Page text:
|Study location||Netherlands, Maastricht|
|Type||Summer Course, full-time|
|Nominal duration||2 weeks (4 ECTS)|
|Tuition fee||€650 per programme|
Enrolled as an Undergraduate student or Undergraduate diploma
The entry qualification documents are accepted in the following languages: English / Dutch.
Often you can get a suitable transcript from your school. If this is not the case, you will need official translations along with verified copies of the original.
As a part of the natural sciences, physics often relies heavily on tools of mathematics. Mathematics can be seen as essential for physics. Just as a telescope is an instrument to observe the beauty of the night sky, mathematics is a tool for revealing beauty and structure of physical laws. In turn, these laws reveal the way the Universe works.
During this summer school, participants will be guided through the mathematical tools useful for University physics. This course will consist of both theoretical and practical physics education, allowing you to immediately put these mathematical tools to use. During the two weeks, we will also guide you through designing and executing your own experiments in physics. This course is aimed at students who feel they have a deficiency in numerical topics prior to starting their university degree – but does not aim to prepare students comprehensively for examinations in physics.
Students will experience topics in calculus & differential equations, classical mechanics, particle physics and relativity. Additionally, experimental design, data gathering and analysis.
Course Duration and Dates This is a two week course running from the 3rd of August until the 14th of August, 2020.
The number of credits earned after successfully concluding this course is the equivalent of 4 ECTS according to Maastricht University’s guidelines. For further information see the MSS terms and conditions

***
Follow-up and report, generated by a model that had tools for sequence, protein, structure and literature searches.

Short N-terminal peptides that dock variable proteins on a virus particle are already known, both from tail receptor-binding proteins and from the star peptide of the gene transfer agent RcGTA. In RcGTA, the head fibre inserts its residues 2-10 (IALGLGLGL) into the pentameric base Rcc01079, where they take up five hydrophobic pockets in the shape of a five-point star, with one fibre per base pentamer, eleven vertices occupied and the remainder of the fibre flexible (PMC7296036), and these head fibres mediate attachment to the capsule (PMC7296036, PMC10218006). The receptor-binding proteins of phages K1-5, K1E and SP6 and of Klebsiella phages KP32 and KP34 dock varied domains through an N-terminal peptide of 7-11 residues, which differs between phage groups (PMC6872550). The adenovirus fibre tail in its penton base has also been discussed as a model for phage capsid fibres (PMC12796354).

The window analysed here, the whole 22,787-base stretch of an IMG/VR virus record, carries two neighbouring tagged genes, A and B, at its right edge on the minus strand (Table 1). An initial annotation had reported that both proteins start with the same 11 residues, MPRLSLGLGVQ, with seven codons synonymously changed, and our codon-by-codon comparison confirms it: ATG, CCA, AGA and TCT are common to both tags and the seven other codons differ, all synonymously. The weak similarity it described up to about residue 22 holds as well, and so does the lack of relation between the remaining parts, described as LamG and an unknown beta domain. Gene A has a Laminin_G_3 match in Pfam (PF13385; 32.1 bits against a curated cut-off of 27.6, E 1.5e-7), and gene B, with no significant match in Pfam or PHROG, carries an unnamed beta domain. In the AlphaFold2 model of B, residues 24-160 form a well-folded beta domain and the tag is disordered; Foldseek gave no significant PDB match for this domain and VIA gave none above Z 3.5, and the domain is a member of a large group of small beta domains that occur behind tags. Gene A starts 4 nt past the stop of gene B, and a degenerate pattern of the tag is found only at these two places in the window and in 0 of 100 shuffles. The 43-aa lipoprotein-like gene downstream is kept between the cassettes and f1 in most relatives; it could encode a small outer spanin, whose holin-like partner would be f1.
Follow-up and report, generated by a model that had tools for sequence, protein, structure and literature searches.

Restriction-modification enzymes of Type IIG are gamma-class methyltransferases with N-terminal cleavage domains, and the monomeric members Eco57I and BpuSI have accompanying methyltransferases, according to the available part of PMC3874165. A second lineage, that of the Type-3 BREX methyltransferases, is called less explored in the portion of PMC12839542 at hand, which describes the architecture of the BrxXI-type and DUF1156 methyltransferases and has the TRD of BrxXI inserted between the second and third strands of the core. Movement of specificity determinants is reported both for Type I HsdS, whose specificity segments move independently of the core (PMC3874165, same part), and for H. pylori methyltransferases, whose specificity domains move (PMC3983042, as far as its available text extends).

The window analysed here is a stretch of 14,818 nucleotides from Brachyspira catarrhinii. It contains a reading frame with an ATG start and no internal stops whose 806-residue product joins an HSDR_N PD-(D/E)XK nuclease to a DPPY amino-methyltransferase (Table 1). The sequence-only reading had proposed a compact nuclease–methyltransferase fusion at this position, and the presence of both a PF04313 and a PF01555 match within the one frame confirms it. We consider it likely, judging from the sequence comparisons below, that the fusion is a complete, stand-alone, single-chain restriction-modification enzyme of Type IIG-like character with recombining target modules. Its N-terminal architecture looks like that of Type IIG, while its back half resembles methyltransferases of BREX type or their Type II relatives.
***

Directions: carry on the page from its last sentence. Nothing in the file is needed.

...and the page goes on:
Following this course, participants will be able to:
· Demonstrate an understanding of the basic mathematical tools required to study physics
· Perform physics laboratory practicals and appraise the outcomes of them
· Design and Predict the outcome of their own experiments in physics
· Represent physics problems in a mathematical way and solve these problems effectively
Christopher Pawley & Gideon Koekoek
No specific prerequisites but a general interest in science and physics is recommended. Students who completed physics in the final year of high school need not partake.
The Feynman lectures on Physics (available at www.feynmanlectures.caltech.edu/)
Young, H. D., & Freedman, R. A. (2015). University physics with modern physics. Pearson Higher Ed.
Stroud, K. A., & Booth, D. J. (2013). Engineering mathematics. Macmillan International Higher Education.
▪ Mathematical Assignments ▪ Frontal interactive lectures ▪ Reading and understanding research papers ▪ PBL ▪ Presentations ▪ Laboratory Skills and training ▪ Working in small teams
▪ Assignment ▪ Computer test ▪ Presentation